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    HM, Pretty impressive. For my education, when I assembled my system all the published schematics showed the circ pump on the return near the boiler. There's been some discussions here lately about circ pump locations relative to the expansion tank. Is that the circ pump that's downstream of the separator (I'm assuming the standard exit at the top) and the boiler return line is hidden behind the boiler? BTW, the unit looks pretty elegant, but I'm surprised by the rather small lines. Small output boiler?
  16. heaterman

    heaterman Minister of Fire

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    The boiler circ is pumping away from the expansion tank and yes the return is just a short loop out of the floor and into the back of the boiler. There is also an air scoop/expansion tank on the primary loop inside the building. The boiler will produce 135,000 at maximum firing rate but with a 30-40* drop being generated by 6,000 sq ft of radiant slab we only need to move 6-8GPM from the boiler to the primary loop. We have encountered no issues with overheating even when the demand from the building goes completely off. The boiler setpoint is about 176* and the highest I have seen it "coast" to is 190*. It shuts down very quickly.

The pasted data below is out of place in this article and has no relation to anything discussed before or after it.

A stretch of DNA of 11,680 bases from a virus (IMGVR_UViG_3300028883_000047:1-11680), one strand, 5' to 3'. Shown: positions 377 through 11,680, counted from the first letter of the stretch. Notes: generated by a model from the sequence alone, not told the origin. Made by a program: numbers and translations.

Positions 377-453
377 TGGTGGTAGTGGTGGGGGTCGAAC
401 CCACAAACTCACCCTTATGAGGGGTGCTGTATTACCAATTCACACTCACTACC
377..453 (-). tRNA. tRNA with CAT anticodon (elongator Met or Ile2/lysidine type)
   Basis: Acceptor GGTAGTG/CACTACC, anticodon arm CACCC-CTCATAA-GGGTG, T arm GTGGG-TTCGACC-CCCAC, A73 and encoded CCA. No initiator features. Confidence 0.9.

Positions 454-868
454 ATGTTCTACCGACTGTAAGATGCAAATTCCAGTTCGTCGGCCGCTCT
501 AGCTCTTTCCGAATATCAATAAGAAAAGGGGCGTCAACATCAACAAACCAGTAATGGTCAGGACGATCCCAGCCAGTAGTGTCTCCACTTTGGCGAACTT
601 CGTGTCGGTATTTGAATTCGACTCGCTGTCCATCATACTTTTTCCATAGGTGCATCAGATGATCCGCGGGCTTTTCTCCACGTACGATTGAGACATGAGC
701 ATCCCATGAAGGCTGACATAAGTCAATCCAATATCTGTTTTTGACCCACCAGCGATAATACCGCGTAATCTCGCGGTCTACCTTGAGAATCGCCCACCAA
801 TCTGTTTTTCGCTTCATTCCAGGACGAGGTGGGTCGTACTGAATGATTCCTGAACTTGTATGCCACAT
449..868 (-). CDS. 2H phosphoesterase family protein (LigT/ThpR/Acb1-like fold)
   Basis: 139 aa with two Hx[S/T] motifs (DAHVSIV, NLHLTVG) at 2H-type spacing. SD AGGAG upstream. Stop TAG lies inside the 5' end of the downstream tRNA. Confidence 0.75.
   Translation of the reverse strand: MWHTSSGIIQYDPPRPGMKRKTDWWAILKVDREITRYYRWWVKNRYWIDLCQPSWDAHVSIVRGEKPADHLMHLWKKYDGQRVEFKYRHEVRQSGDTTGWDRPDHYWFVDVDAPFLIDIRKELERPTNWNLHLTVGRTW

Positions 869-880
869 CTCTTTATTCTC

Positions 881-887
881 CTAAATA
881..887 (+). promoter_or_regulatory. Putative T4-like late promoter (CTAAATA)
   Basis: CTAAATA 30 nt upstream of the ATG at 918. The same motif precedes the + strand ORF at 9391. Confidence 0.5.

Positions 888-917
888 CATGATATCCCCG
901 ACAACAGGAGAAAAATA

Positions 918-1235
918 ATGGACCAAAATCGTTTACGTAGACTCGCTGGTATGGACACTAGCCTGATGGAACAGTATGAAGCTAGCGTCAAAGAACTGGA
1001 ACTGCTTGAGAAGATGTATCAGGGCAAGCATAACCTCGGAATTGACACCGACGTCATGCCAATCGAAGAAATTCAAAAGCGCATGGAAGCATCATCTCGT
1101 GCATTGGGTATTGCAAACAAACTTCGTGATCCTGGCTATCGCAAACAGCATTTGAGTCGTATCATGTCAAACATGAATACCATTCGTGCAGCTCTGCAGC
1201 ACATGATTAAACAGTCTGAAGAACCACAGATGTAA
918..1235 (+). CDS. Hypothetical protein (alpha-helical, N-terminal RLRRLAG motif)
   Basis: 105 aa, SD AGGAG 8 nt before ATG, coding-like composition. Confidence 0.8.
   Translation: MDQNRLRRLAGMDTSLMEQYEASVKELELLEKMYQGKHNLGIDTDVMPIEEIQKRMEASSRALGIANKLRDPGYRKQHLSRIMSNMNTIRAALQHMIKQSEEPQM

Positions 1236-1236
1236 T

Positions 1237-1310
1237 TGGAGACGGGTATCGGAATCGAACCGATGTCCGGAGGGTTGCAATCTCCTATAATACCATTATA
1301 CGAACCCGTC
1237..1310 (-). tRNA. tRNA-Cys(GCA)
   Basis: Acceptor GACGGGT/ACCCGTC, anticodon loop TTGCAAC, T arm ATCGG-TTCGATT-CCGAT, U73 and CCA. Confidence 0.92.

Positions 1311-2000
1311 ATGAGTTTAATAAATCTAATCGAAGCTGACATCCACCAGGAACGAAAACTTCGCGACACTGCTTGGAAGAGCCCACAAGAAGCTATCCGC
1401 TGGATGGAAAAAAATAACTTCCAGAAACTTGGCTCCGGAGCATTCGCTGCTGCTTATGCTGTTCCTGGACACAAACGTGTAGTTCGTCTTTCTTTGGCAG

17. heaterman

    heaterman Minister of Fire

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    I agree on the drywall Dave but I was not in that decision loop, it's a good precaution. That being said , specified clearance to the back and sides is only 12" and we are past that all the way around.
  18. heaterman

    heaterman Minister of Fire